Half Of College-Aged Adults Not Opposed To Open Relationships, Avvo Study Reveals

By Megan (Weyrauch) Johnson on September 24, 2015

Many college campuses are basic breeding grounds for open relationships. But do you know how many college students really approve of the practice?

Maybe it won’t surprise you too much to learn a recent press release revealed that a 2015 Avvo, Inc. study of relationship trends across the U.S. finds that half of college-aged Americans are not opposed to being in an open relationship, defined as a relationship in which both parties consent to sleeping with others.

Also noted was that 49 percent of Americans aged 18-23 and 43 percent of those aged 24-32 say they are morally opposed to the idea of open relationships as compared to 56 percent of people over age 33.

In the release, Dr. Pepper Schwartz, noted sociologist and sexologist from the University of Washington, attributed this acceptance of open relationships to experimentation that is common in this age group.

“When we’re young and out in the world on our own for the first time, we’re more apt to experiment with our romantic relationships and be open to new experiences when it comes to love and sex,” Schwartz said. “As this generation ages, it will be interesting to see if their views will evolve to accept open relationships less, or if they will continue to accept the idea of open relationships as they marry.”

When it comes to marriage as a life goal, college-aged Americans may be more like their parents than those only a few years older than them, according to the release. A quarter of Americans 24-32 say marriage should be a life goal whereas 20 percent of 18 to 23-year-olds and 17 percent of those over age 33 feel the same way.

Additionally, when it comes to attitudes around the relevance of marriage as an institution, 12 percent of 18 to 23-year-olds and 8 percent of those 33 and over believe marriage is an outdated institution, compared to 19 percent of those 24-32 who hold the same view.

On associating children with marriage, 15 percent of Americans 18-23 believe an unwed couple who has a child together should get married in comparison to 24 percent of those 24-32 and 22 percent of those 33 and older who agree.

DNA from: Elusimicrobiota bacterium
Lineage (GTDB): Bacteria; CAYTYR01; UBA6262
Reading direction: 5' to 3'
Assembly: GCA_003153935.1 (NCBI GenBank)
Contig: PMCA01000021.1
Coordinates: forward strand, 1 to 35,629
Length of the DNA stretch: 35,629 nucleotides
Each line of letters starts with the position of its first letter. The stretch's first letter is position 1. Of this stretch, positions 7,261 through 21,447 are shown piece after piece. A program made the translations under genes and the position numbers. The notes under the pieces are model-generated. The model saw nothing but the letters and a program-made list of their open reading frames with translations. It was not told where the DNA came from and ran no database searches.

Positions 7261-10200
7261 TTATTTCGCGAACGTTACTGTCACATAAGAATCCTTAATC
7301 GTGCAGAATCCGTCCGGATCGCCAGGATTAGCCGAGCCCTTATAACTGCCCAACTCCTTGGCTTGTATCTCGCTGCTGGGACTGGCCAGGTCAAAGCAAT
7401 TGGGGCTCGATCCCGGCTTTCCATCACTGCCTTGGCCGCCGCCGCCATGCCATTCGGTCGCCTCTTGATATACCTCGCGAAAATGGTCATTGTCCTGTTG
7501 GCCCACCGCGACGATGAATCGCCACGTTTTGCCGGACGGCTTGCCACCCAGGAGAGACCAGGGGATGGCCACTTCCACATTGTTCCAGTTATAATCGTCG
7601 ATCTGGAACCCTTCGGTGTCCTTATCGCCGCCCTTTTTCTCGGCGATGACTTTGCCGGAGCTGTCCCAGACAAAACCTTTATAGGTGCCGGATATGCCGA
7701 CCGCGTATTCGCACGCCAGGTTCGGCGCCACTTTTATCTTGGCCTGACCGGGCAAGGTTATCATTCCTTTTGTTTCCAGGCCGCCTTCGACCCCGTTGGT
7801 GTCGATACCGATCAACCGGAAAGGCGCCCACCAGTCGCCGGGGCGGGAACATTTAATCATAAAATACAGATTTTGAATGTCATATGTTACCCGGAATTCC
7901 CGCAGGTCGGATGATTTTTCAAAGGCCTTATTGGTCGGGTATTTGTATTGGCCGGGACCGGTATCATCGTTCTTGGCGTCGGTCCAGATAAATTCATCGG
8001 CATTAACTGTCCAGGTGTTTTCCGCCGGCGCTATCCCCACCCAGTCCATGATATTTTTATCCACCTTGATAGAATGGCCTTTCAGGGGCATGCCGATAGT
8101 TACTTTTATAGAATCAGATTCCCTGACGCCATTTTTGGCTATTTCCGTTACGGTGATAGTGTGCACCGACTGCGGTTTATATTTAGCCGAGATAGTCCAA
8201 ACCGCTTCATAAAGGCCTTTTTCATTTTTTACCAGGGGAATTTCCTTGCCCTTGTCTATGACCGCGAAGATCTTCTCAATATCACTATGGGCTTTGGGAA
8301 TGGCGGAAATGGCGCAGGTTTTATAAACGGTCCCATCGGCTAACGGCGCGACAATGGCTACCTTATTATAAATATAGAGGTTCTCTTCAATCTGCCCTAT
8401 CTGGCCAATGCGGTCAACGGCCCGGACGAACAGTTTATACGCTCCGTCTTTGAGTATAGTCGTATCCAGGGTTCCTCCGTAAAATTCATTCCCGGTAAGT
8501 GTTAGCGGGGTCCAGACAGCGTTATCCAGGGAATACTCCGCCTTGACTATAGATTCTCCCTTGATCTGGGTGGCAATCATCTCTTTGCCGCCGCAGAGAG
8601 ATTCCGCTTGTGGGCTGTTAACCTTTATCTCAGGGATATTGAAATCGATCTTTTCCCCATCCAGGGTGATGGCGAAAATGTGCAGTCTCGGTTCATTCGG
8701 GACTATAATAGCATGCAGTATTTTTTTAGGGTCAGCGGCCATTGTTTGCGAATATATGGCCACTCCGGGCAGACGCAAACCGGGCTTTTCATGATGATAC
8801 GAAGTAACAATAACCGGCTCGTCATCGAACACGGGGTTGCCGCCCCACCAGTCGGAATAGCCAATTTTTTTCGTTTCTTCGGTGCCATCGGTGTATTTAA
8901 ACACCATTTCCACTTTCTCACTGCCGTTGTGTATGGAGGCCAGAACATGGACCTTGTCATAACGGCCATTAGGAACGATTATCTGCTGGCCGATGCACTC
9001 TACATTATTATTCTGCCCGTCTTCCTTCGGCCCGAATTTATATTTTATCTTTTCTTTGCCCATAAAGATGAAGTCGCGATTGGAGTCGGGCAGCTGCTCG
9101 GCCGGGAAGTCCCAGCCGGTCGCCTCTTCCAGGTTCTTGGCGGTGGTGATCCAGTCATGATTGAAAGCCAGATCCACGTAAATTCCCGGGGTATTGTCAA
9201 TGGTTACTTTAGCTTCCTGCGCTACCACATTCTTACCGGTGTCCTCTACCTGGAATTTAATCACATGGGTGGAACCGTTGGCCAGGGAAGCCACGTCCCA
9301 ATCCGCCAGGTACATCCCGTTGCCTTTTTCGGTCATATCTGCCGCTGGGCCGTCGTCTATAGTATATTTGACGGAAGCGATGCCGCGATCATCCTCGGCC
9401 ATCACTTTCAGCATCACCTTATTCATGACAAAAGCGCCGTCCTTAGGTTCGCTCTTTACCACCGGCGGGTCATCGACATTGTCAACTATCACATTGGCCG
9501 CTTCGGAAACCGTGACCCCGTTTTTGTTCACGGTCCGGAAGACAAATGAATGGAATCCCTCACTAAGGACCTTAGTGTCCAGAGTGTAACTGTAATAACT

Approximately 75 percent of all age groups disagree that married couples who no longer want to be in a romantic relationship or who’ve lost the spark with their spouse should definitely get a divorce.

“With divorce rates trending upward overall over the past 50 years, and with many of these young adults growing up in homes where divorced parents and remarriage were the norm, it comes as no surprise that there is a significant number of people who believe that divorce is a reasonable and validated choice when romance fades,” Schwartz said. “The percent of young people who are less invested in marriage as an institution shows a generational vision of marital fragility and perceived limits to the idea of life-time marriage.”

The leading online legal marketplace connecting consumers and lawyers, Avvo offers on-demand, affordable legal advice through Avvo Advisor®, which delivers a highly reviewed lawyer for 15 minutes over the phone – anytime, anywhere – available online or via a free app for iOS devices.

Avvo’s lawyer directory provides Avvo-rated profiles, client reviews, and peer endorsements for 97 percent of all lawyers in the U.S., so consumers can find the lawyer who’s right for them.

Conducting periodic studies of topics at the intersection of lifestyle and law to better understand issues facing individuals engaging with attorneys and the legal system, Avvo’s lawyers answer questions about divorce, prenuptial agreements and family law in the company’s Q&A forum everyday as well as through Avvo Advisor.

Visit Avvo.com for additional resources about marriage and divorce or to find a divorce or family lawyer in your area.

If you are interested in how this poll was conducted, the methodology for the poll is shown below, taken directly from the press release.


These are findings from an Ipsos poll conducted May 11-15, 2015. For the survey, a sample of 2,011 U.S. adults age 18 and over was interviewed online. The precision of Ipsos online polls is measured using a credibility interval. In this case, the poll has a credibility interval of plus or minus 2.5 percentage points for all respondents. The data were weighted to the U.S. current population data by gender, age, region, and household income based on Census data.

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